The “smart” strategy is based on flexibility and allows quicker implementation of the most suitable solutions to respond to any change. The logistics tertiarisation and the related model used across the country enabled companies to be flexible. Some logistics operators quickly reallocated goods across more than 25,000 sqm of warehouse space. Horizontal cooperation between contract logistics operators (a sector worth more than € 84 billion in turnover) is and will be essential to a sharing economy. This cooperation consists of the use of stationary trucks/drivers from other supply chains to manage the high growth in demand especially sudden consumption peaks generated by fears in the population. It was possible to move warehouse personnel from mothballed sites making up for the reduction in operating capacity in the face of a physiological rise in absenteeism. The close relationship between company and worker, typical of the cooperative model, favoured communication within the company, reducing potential risk areas, and providing greater operational flexibility, to partially offset the inevitable productivity loss. We started daily planning, working closely with customer companies to align logistics capacity as closely as possible to market demand. This was essential to ensure economic sustainability in a low-margin environment such as contract logistics.
The situation we are experiencing led to a specific coordination model for emergencies: frequent alignment meetings, adoption of choices that in the short term do not always optimise costs (for example the greater difficulty of finding return trips or mandatory distances in the warehouse, to the detriment of productivity) but ensuring service continuity, cooperative customer company relationships that go beyond an outsourcing contract, an open book approach while sharing market signals and operational choices.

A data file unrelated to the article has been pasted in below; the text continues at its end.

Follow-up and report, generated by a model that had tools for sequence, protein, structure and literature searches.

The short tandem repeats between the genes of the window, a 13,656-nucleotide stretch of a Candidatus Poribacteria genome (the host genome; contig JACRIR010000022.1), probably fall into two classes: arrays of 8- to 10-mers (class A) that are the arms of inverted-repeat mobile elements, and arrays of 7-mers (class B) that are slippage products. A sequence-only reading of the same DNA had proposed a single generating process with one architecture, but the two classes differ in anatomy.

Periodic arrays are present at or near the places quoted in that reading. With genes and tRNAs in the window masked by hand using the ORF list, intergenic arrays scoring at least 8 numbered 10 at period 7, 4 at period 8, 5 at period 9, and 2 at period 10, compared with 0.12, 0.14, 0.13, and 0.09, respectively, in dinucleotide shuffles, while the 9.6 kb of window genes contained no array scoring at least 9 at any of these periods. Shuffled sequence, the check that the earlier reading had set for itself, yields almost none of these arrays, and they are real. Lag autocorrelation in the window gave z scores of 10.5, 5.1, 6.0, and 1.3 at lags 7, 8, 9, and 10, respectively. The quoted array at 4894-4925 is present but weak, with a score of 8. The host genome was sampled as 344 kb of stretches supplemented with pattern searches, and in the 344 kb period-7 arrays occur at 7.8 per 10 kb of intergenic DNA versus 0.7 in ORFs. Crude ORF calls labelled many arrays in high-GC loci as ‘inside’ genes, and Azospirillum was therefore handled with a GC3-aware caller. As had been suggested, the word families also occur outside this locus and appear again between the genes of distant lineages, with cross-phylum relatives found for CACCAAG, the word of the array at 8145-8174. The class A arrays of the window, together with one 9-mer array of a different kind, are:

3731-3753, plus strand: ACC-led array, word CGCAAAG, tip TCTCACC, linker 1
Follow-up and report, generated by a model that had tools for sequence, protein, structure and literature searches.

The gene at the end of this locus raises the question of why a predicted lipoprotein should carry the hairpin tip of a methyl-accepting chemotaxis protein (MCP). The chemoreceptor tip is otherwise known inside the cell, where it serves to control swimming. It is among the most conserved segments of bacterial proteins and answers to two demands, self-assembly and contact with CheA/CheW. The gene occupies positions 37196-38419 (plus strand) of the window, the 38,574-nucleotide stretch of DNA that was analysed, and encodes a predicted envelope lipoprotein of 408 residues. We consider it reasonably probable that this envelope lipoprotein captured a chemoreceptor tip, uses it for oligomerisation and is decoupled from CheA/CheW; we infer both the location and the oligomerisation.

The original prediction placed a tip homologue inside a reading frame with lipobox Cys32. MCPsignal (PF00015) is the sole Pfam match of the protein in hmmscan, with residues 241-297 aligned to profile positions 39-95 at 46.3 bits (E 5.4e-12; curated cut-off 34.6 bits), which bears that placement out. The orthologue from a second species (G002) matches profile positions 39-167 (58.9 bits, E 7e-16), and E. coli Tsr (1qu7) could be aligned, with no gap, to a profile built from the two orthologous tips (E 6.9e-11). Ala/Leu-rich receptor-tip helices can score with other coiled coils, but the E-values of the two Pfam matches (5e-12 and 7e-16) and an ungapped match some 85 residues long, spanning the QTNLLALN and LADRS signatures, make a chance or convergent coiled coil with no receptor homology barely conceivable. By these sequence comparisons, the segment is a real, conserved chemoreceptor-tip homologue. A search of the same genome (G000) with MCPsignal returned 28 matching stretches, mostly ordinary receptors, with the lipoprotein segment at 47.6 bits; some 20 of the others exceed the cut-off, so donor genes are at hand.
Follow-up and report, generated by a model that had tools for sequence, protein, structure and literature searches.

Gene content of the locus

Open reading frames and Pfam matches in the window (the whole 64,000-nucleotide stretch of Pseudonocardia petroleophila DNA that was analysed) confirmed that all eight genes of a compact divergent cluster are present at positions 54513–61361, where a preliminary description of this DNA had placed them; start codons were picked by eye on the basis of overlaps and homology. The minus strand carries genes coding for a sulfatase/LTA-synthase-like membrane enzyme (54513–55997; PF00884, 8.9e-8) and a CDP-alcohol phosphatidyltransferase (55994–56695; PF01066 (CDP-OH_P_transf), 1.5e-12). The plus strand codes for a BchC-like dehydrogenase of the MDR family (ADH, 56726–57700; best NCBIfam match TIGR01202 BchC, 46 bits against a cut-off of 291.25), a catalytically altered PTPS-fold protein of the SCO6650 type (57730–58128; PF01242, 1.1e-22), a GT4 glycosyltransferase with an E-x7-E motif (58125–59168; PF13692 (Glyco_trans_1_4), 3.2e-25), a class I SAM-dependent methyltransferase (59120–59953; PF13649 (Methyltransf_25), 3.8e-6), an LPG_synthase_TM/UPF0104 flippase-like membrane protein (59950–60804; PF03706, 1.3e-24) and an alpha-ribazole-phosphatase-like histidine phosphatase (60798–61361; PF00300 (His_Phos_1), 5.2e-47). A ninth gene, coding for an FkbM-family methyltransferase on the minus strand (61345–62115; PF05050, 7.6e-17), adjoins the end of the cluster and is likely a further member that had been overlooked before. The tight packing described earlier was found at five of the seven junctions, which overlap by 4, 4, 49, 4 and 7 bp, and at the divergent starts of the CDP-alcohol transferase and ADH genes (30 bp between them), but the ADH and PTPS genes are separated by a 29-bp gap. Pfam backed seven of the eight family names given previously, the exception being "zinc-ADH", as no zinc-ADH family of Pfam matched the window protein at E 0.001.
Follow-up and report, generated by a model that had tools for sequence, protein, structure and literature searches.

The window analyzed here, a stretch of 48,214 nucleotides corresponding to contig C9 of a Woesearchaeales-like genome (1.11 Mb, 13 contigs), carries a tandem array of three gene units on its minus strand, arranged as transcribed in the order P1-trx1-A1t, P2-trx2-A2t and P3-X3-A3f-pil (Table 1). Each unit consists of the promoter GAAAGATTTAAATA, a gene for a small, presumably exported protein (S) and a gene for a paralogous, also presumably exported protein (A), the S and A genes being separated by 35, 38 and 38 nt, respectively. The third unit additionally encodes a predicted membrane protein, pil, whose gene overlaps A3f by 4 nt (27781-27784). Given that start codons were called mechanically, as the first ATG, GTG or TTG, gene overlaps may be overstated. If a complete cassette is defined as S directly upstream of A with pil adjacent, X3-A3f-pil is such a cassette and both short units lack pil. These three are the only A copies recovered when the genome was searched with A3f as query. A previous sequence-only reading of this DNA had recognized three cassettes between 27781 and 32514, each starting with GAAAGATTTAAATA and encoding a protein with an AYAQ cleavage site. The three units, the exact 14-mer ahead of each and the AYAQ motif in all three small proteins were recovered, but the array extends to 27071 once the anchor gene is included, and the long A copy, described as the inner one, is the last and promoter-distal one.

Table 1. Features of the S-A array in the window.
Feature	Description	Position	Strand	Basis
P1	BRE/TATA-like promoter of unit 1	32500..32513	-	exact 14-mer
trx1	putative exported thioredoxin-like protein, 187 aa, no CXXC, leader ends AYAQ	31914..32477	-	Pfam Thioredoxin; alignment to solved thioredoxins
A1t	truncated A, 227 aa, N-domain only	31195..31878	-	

At the strategic macro-choice level, alongside the critical analysis of the future service to be provided based on contingencies (some companies have reduced the number of deliveries per point of destination to reduce order fragmentation), we noticed the centrality of delivery capacity in urban areas. This included home deliveries (e-commerce has made the definitive leap forward in its Italian development and grown by more than 50 per cent) and the individual sales point, with the rediscovery of the value of proximity stores (often used as omnichannel preparation points for urban deliveries). These urban logistics, with their city-centred origin and destination, will be increasingly important. In the transportation field there has been the development of road-rail inter-modality, which is fundamental to overcome transport blockages between EU countries, and future management of the crossing and supply of new “red zones”. Lastly, warehouse automation, which is still underdeveloped, will be increasingly important to promote work in protected areas with a lower concentration of people.
“Border” crossing times between European states (source: sixfold.com/covid-19)
In conclusion, it is not simply a matter of returning to a logistical “normality”, but finding new balances that will allow us to face this and future challenges, such as any economic recession and the need to increasingly focus on climate change.